#6 – Sleeping at the Golden Gate
There are few places in the world as instantly recognizable and iconic as the Golden Gate Bridge in San Fransisco. We normally don’t spend much time in large cities as we prefer wild open spaces. However, when we realized that we could boondock at the rest area on the north side of the Golden Gate Bridge we seized the opportunity. This is a rough area and it can be intimidating to boondock here but the police patrol the area often and it turned out to be a very memorable stay. Getting to walk the iconic bridge and watch as the sunset rose over the structure was not only one of the highlights of 2020 but a memory forever etched in my brain.
Top 5 Highlights of 2020
#5 – Walking Between Giants
In August Jennifer and I embarked on a journey that has been on my bucket list for over 14 years. A friend of mine told me about his journey on the Teton Crest Trail way back in 2006. Ever since I have been enamored by the challenge of hiking the crest. I am currently putting together a series on our journey across the top of this iconic landscape. To say it lived up to the 14-year hype is an understatement and we had many memorable moments that could have easily made this list. But I decided to focus on this one which of course includes a wildlife encounter.
Encountering Two Moose
It was the 5th and final day on the more than 40-mile journey. We were a few miles from the end of the trail when we came upon two massive moose blocking our path forward. One was snacking away on the vegetation inches to the left of the trail. The other was bedded down a short distance behind the first and about 10-feet to the right of the path. He looked very content enjoying a siesta in the soft rain. The terrain on both sides was dense undergrowth on slopping wet hillsides. We attempted to climb through the underbrush to the right only for Jennifer to slip on the wet terrain and slide down the hillside spooking the first moose which luckily darted away from us instead of charging.
Do We Go Back?
Back on the trail, we stood there weighing our options. It was the last day of August and while it was raining here it was snowing on the terrain above. The 10,700’ high divide known as Paintbrush Divide that we had passed over yesterday would now be dangerously slippery and to go back would also mean a 15 mile detour. We had to find a way past the creatures.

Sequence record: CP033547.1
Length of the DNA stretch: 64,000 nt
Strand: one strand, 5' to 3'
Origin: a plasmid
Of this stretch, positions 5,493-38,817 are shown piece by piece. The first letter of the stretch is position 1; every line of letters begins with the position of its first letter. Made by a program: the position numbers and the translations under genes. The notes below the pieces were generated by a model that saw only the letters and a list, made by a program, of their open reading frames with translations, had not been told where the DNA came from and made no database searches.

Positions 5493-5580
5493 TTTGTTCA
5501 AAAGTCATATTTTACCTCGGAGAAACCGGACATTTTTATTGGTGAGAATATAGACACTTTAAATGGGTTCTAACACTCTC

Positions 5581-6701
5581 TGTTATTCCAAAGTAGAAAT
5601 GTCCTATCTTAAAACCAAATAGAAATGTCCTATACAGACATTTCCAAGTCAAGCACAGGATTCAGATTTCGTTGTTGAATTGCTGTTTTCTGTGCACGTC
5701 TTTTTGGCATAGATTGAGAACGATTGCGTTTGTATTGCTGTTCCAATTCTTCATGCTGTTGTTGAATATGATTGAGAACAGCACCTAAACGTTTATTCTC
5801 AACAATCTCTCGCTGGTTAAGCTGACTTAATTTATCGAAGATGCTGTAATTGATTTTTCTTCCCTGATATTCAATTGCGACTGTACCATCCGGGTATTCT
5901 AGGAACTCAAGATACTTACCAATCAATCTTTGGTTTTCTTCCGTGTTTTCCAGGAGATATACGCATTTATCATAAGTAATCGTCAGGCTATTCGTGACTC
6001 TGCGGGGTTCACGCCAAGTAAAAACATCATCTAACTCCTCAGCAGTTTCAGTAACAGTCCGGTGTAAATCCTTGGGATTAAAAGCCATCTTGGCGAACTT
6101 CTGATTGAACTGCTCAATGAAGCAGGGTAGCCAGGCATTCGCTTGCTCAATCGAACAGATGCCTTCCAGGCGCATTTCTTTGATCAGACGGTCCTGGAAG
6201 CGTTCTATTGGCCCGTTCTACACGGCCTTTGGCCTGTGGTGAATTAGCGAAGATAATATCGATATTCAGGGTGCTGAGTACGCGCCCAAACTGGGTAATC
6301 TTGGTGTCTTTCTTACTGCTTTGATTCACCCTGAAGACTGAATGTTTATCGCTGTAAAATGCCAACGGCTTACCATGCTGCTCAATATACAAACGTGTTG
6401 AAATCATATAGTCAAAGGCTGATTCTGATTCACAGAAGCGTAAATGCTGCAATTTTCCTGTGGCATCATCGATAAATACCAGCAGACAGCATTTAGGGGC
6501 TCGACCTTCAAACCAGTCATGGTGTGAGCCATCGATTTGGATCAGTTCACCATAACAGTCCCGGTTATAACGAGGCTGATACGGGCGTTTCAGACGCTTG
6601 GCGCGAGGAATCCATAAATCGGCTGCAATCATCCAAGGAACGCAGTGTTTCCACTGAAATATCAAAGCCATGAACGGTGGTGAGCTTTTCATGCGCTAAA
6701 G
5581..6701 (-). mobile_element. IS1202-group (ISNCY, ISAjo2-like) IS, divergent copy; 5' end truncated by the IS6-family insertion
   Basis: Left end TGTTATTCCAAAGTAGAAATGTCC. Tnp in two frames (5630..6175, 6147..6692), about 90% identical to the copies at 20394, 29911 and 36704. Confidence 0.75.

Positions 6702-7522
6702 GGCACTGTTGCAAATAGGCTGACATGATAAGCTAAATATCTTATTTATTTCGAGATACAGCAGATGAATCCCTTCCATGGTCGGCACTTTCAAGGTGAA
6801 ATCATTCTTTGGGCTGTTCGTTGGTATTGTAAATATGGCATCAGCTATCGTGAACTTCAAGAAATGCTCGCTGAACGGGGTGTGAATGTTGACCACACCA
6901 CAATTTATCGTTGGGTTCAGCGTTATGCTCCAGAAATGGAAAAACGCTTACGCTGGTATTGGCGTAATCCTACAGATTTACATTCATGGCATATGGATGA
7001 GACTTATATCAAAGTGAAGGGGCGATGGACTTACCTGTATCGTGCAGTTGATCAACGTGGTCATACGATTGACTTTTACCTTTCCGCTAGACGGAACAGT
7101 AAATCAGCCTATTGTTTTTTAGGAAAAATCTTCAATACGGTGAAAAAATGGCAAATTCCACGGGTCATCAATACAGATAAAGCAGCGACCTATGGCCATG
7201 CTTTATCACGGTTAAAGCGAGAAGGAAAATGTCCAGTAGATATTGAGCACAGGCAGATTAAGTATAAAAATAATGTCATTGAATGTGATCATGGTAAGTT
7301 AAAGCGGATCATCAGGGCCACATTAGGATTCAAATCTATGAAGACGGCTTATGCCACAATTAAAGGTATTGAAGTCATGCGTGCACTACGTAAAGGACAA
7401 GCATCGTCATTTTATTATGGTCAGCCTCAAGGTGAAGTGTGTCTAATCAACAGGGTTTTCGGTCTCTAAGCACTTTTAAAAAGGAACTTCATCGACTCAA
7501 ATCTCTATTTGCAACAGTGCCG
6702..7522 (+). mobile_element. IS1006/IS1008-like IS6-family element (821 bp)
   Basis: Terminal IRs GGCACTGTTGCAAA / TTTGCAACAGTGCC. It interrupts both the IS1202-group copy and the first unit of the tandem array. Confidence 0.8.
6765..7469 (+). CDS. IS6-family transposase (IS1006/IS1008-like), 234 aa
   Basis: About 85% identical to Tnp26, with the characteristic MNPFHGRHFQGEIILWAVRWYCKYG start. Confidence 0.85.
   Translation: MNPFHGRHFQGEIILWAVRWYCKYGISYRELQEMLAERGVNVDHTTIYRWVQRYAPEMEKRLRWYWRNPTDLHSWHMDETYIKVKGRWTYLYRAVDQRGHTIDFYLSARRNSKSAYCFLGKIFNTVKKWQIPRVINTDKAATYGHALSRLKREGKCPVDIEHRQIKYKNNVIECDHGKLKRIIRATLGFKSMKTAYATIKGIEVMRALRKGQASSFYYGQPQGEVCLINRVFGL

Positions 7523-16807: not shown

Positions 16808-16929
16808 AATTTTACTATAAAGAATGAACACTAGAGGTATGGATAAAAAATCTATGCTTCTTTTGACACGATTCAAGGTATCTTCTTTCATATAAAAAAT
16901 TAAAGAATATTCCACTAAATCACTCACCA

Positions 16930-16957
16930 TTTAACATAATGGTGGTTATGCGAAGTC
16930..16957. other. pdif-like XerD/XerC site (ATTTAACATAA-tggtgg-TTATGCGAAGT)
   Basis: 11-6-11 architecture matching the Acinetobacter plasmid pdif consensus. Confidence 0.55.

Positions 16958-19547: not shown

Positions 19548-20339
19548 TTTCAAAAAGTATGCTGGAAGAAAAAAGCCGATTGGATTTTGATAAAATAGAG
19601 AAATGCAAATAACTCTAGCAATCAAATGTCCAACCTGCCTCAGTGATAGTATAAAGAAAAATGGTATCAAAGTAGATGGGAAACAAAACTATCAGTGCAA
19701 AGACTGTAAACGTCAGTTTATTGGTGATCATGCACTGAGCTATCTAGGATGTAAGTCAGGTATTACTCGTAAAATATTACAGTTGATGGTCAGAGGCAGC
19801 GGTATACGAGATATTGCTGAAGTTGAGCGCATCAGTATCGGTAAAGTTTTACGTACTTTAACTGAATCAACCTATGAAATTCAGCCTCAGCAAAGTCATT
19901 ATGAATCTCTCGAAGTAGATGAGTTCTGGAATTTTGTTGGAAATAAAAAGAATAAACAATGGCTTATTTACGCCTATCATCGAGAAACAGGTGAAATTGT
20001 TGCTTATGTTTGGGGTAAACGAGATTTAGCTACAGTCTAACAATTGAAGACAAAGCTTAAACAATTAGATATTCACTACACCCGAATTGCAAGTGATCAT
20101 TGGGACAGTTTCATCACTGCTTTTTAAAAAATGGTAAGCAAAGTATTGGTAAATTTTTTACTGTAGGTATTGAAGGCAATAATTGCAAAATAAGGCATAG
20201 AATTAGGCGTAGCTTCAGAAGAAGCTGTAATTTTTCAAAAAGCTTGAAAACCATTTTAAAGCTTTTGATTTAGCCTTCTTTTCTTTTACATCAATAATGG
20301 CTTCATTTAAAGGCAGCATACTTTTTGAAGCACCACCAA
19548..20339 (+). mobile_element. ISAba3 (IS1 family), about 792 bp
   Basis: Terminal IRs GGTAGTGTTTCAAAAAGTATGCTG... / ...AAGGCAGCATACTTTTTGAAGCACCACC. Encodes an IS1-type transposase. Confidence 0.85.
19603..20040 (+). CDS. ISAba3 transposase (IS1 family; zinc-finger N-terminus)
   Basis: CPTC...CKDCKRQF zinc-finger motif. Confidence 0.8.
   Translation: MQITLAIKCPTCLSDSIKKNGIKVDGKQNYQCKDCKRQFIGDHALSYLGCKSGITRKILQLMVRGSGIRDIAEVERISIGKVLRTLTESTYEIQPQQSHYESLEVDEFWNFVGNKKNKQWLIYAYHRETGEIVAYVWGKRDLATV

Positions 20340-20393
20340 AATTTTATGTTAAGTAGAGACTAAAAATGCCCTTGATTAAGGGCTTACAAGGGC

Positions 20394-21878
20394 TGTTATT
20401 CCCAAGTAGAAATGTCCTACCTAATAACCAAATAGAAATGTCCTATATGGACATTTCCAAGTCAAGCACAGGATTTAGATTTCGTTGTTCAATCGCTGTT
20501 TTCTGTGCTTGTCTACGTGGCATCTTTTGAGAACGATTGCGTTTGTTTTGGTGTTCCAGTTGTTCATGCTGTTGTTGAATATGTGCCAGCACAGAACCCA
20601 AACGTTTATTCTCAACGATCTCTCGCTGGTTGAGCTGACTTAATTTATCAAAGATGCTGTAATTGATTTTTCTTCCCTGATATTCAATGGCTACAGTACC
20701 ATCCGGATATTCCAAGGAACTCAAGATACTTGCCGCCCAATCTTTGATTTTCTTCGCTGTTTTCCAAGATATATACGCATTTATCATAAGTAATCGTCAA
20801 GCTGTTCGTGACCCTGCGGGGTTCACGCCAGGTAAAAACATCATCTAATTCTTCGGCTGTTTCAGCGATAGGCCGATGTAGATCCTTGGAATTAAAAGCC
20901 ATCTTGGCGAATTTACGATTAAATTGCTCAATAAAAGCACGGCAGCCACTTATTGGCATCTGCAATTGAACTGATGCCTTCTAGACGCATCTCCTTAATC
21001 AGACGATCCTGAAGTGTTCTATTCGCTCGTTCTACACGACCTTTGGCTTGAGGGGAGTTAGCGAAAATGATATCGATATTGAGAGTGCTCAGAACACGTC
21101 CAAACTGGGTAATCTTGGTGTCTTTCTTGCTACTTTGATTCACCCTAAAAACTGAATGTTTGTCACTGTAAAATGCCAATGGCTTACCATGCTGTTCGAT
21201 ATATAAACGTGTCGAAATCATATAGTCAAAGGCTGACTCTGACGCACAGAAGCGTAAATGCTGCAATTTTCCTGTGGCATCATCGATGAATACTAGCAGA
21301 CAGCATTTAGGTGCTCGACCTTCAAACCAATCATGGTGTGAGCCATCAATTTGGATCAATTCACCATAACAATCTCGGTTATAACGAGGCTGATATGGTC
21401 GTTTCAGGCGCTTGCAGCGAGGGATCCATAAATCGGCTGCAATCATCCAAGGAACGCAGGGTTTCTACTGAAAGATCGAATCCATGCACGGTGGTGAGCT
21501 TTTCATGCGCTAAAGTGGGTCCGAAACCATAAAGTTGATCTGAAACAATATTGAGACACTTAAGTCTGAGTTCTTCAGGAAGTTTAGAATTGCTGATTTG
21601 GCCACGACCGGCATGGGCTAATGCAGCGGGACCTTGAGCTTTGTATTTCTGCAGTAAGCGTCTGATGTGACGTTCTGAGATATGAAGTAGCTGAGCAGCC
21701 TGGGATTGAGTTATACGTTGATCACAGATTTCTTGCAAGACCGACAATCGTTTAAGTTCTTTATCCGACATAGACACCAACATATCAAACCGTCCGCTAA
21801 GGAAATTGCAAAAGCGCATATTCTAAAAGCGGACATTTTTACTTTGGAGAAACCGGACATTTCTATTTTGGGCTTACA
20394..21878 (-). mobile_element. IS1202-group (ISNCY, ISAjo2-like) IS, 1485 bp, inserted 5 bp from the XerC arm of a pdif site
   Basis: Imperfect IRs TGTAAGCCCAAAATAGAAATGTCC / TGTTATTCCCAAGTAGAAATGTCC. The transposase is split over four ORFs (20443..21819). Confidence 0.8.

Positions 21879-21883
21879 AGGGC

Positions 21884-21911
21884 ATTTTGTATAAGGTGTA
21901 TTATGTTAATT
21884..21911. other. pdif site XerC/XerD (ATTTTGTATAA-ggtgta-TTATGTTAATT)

We decided to cautiously pass between them as going around had failed and back wasn’t an option. I know enough about moose to know that getting between a mother and its calf would be a good way to a quick death but these were both bulls. We cautiously crept forward, bear spray in hand with the safety off. Does bear spray work on a moose? I don’t know but we figured it was better than nothing. As we approached them the one on the right stood to his feet. It was much larger than the other and we quickly stepped back under its imposing stature. After a few minutes, we came to the conclusion that he was just being equally cautious and we slowly proceeded forward and successfully passed between the two wild creatures.
Word of Caution
Moose may seem like gentle giants but they can be deadly. Getting this close to a wild moose isn’t advisable. We passed by unscathed with a memory to share but don’t go seeking this kind of interaction. It could have easily gone very differently.
#4 – Biking with Otters
If you haven’t figured this out yet, we love animal encounters in the wild. In 2019 four of our most memorable moments included animal encounters and this year it is five and a half. However, this encounter is especially close to my heart as otters are my favorite creatures on the planet.
The Olympic Discovery Trail
While we were in the area of Olympic National Park we decided to ride a 15-mile section of the Olympic Discovery Trail through Port Angeles. We were cruising along the coastal section of the trail when we saw something in the distance. Two otters who had been wrestling in the middle of the bike path darted into the adjacent ditch and to the safety of their den.
Jennifer and I stopped and waited to see if the curious creatures would reemerge. After a few minutes, they popped their heads out to assess the situation. Shortly thereafter they decided we were no threat and started to once again playfully wrestle with one another in the dirt above the ditch. We looked on and watched as they went about their antics before they eventually decided it was time to go for a swim and likely hunt for supper. They crossed over the bike path, scampered across the rocky shore, dove into the sea, and swam out of sight. The whole experience lasted less than 20 minutes but getting to glimpse the lives of these two playful creatures was one of the highlights of 2020.
#3 – New Life
In January we were traveling south along the coast of Big Sur in California. Unbeknownst to us at the time, there is a small patch of beach on the southern end that is a nursery for elephant seals. Elephant seals migrate to this area of California every year to give birth and then nurse their young. We arrived to the beach being overrun by the massive creatures.
Elephant Seal Birth
The bulls were aggressive challenging each other and testing their strength against one another. The females and their young were laid out on the beach tossing sand on themselves in an attempt to shield themselves from the relentless sun. We stood on the boardwalk watching the crowded and noisy colony. My attention was pulled towards two large bulls battling it out in the surf when Jennifer suddenly and surreally said “I think I just saw one give birth.” I turned my attention to the one she was now pointing at and watched as several seagulls descended on the afterbirth. Yep, you did, I said.
A Rough Life Ahead